August 22, 2013 – With its forward-thinking blend of pop, rock, hip hop, dance, soul, and electronic music, as well as its energetic live shows, Royal Canoe has made a name for itself as one of Winnipeg’s most exciting bands.
Two of the band’s singles have reached the Top 5 on CBC Radio 3, they have toured throughout North America and Europe, and they’ve earned praise from venerable publications like The New York Times to blogs like This Music Doesn’t Suck, which described the band’s sound as “a clever blend of aesthetics and genres executed with a confidence and expertise usually reserved for more established groups.”
Bucky Driedger, Royal Canoe’s guitarist, backing vocalist and co-songwriter, sees a clear connection between the work he does in the band and the time he spent on Outtatown in 2002-2003 and then studying at CMU.
“Both were experiences that shaped my worldview and gave me a desire to experience new places and try new things,” says Driedger, who graduated in 2007 with a Bachelor of Arts in Social Sciences, with a concentration in Communications.
He adds that he studied and lived in residence with many creative people who were interested in making music and visual art.
“Being in a culture where my peers valued thinking outside the box really helped me develop my sense of taste and what I value in art,” he says. “Good art should help people . . . imagine a new way of thinking about the world.”
Studying communications gave Driedger an appreciation for the way media and pop culture interact, and the subtleties involved in phrasing a message so that it has a particular impact on its intended audience.
CMU also equipped Driedger with some of the tools he uses to help promote the band. While Royal Canoe has a manager, booking agents, and record label support, each member is actively involved with every aspect of the business side of the music industry, from graphic design, to photo shoots, to booking tours, to writing press releases and updates for the band’s website.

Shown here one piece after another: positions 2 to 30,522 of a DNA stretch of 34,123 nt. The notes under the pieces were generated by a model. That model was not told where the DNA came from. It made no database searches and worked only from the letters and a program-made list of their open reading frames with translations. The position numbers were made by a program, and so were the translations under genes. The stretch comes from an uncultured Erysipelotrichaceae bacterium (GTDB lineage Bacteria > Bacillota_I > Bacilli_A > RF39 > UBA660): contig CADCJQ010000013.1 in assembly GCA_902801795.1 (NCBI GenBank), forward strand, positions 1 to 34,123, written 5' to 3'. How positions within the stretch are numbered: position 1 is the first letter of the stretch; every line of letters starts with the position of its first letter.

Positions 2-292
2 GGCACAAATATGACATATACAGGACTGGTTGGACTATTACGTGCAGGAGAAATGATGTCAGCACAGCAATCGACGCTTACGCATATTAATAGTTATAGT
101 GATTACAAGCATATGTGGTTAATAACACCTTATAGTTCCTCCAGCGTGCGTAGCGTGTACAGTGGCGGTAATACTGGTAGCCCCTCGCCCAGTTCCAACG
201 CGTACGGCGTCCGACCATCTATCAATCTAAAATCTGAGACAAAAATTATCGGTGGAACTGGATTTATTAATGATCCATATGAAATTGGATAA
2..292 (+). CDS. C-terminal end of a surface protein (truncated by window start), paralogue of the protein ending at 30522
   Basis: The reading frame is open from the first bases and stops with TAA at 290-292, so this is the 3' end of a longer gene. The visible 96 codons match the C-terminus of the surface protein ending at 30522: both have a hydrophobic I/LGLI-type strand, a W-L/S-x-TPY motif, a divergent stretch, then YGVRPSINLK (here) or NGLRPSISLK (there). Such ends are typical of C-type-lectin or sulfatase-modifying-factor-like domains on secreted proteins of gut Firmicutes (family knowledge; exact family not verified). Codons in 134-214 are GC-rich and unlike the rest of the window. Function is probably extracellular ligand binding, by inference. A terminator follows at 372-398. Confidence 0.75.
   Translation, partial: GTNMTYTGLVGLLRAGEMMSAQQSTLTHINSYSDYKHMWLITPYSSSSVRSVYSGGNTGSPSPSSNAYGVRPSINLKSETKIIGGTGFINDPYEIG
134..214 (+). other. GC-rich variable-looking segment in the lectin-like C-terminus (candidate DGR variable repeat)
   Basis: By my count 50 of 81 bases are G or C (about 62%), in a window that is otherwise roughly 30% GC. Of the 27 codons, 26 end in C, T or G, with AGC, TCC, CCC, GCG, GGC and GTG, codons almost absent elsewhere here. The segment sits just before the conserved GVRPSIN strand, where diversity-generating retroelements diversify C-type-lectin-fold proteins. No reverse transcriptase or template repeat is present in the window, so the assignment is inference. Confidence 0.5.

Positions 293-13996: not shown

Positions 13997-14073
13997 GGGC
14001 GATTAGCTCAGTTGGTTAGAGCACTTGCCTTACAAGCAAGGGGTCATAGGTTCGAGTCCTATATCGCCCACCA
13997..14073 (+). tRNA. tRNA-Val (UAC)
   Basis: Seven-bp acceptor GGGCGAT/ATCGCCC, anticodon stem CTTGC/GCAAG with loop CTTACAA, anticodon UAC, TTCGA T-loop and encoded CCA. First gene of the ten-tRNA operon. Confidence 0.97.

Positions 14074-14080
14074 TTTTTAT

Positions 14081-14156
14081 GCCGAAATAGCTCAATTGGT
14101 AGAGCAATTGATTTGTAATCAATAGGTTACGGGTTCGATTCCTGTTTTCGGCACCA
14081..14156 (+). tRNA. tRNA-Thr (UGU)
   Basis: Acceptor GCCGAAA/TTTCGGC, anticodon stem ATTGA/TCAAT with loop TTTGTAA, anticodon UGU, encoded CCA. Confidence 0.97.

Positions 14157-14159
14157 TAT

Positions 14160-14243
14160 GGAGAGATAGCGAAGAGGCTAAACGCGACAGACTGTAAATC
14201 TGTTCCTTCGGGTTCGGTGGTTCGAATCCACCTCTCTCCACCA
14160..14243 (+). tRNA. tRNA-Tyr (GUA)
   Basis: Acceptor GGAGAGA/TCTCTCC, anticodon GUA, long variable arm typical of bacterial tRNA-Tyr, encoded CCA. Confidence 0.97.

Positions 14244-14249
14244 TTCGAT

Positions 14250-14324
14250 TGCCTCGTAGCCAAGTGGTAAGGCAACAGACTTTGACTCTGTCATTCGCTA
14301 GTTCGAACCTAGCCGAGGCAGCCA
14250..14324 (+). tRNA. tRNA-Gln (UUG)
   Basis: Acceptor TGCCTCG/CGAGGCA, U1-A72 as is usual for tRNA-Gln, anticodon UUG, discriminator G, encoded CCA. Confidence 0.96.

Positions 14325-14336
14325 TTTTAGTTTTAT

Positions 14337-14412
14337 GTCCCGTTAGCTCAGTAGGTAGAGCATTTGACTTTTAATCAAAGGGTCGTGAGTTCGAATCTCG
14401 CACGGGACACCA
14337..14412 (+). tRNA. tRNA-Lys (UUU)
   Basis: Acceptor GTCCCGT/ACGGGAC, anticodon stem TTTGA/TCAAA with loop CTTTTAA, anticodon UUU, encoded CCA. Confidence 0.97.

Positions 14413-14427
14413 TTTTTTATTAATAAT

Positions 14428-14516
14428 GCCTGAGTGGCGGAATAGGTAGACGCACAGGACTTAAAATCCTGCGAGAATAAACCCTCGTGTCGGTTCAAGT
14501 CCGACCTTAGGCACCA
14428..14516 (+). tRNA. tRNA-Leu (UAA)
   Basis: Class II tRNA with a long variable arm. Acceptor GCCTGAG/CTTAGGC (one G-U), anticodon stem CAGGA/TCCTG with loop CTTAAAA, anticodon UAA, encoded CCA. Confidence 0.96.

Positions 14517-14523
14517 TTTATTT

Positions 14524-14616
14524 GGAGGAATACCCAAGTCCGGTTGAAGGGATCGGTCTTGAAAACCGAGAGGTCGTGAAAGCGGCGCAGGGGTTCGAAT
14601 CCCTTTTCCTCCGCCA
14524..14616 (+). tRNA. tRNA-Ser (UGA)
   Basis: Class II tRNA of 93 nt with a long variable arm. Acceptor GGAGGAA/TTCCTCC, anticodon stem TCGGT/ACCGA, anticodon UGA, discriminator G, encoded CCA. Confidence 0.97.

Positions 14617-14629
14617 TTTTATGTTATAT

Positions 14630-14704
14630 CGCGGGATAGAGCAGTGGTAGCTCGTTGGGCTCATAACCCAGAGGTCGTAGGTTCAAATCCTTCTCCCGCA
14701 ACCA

“Gone are the days when you can be a mad genius in your basement, get discovered by a major record label, and have everyone do everything for you,” he says. “You need to have copywriters and booking agents in your band.”
While at CMU, Driedger sang in choir. Growing up in the Mennonite Church, he saw what an important part music plays in Mennonite culture.
“From a young age, I learned to value thoughtful music-making,” he says.
The intricate composition and harmony Driedger and his bandmates witnessed in church has made its way into Royal Canoe’s sound. Some of the group’s songs have a classical music feel, and at any given moment, four of the band’s six members could be singing at the same time, weaving different harmonies together behind the melody.
This fall, Royal Canoe will spend three-and-a-half months touring throughout North America and Europe in support of its second full-length album, Today We’re Believers, which hits stores on Sept. 3. Driedger is excited to see how people respond to the album, which the band worked on for the better part of three years.
“We put a lot of thought into every tone and lyric,” he says. “They’re not just throwaway [songs]. They all represent really important moments in our lives.”
Royal Canoe will celebrate the release of Today We’re Believers with two shows in Winnipeg this week: An all ages show at the Park Theatre tonight (Thursday, Aug. 22), and an 18+ show at Union Sound Hall tomorrow (Friday, Aug. 23). For details, and to hear the band’s music, visit www.royalcanoe.com.